Summarizing, whole wheat:
- …didn’t affect weight loss
- …resulted in a less than 1% increase in body fat lost
- …did not improve cholesterol at all
Only in the crazy, spin-doctored world of today’s backwards nutrition advice can no difference in weight loss and a <1% improvement in body fat loss be a deemed a success. Similarly, it seems that only in the logic of Alice’s Wonderland could zero improvement in cholesterol be deemed cardioprotective.
Moving on to another study…
Subsequent Meal Effect and Glucose Control
The Whole Grain Council reports:
Eating whole grains or legumes at one meal not only reduces surges in glucose after that meal, but also after the next meal eaten. Eating whole grains or legumes at breakfast helps control blood sugar after lunch, for example, and eating either or both at dinner can reduce the blood sugar rise of the next morning’s breakfast. Since this effect may explain why eating whole grains and legumes can reduce diabetes risk, this paper describes the possible mechanisms of the subsequent meal effect.
This paper is a review article. A review article reports on a group of related studies; it doesn’t report upon research conducted specifically for that paper. This review focuses upon studies that examine the glucose-lowering effects of adding whole grains and legumes to meals.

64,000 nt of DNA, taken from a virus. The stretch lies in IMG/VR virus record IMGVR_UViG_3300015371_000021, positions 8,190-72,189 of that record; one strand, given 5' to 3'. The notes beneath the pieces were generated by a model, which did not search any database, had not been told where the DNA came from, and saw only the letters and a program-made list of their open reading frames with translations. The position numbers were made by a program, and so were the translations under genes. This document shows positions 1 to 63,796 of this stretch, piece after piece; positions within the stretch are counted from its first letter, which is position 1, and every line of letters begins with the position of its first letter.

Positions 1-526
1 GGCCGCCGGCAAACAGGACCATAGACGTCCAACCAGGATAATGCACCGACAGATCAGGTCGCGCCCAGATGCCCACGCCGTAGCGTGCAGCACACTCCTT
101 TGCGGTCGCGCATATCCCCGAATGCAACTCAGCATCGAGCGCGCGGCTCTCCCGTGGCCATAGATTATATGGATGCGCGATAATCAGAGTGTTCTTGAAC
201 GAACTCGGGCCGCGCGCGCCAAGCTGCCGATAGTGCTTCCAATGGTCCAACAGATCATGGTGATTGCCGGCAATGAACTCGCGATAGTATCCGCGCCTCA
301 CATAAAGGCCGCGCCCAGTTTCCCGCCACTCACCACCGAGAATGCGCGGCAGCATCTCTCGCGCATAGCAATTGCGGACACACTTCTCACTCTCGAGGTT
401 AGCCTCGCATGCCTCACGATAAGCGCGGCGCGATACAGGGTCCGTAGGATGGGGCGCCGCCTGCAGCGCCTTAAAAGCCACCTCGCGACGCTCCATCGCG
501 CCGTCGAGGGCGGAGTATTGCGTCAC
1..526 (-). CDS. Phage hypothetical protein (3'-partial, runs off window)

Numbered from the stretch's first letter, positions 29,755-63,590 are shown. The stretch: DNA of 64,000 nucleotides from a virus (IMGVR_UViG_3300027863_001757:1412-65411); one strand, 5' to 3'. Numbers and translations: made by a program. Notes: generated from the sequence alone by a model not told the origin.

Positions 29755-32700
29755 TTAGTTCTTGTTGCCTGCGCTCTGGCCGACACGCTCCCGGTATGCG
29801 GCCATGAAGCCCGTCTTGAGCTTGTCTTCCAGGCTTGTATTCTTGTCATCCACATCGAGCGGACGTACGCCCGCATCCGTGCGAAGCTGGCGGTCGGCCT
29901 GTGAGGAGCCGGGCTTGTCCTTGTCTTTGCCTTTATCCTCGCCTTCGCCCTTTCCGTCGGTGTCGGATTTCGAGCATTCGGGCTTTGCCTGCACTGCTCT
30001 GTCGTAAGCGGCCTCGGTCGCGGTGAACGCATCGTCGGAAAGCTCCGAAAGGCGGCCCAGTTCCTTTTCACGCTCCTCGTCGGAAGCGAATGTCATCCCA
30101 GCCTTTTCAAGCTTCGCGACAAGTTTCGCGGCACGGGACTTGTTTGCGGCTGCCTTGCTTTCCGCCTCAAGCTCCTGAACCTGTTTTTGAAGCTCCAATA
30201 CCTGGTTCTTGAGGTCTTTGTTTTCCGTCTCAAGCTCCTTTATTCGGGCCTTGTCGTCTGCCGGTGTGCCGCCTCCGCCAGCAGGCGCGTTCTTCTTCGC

The conclusion of this article, based upon the authors’ examination of the cited studies, is that the “ingestion of whole grains and legumes may cause diminution of postprandial glycemia not only at the meal in which they were consumed but also at subsequent meals.”
To study this review article, it is necessary to examine some of the specific studies cited, beginning with the first one:
The researchers in this study showed, rather unsurprisingly, that the postprandial glucose rise from a “relatively low glycemic effect” meal was dramatically lower than the glucose rise from the “high glycemic effect,” meal. The low glycemic carbohydrate meal raised the postprandial glucose peak by only an average of 15 mg/dL (0.8 mmol/L) while an equivalent number of carbohydrates from a “high glycemic effect” meal resulted in an average increase of four times the glucose peak, or 59 mg/dL (3.3 mmol/L).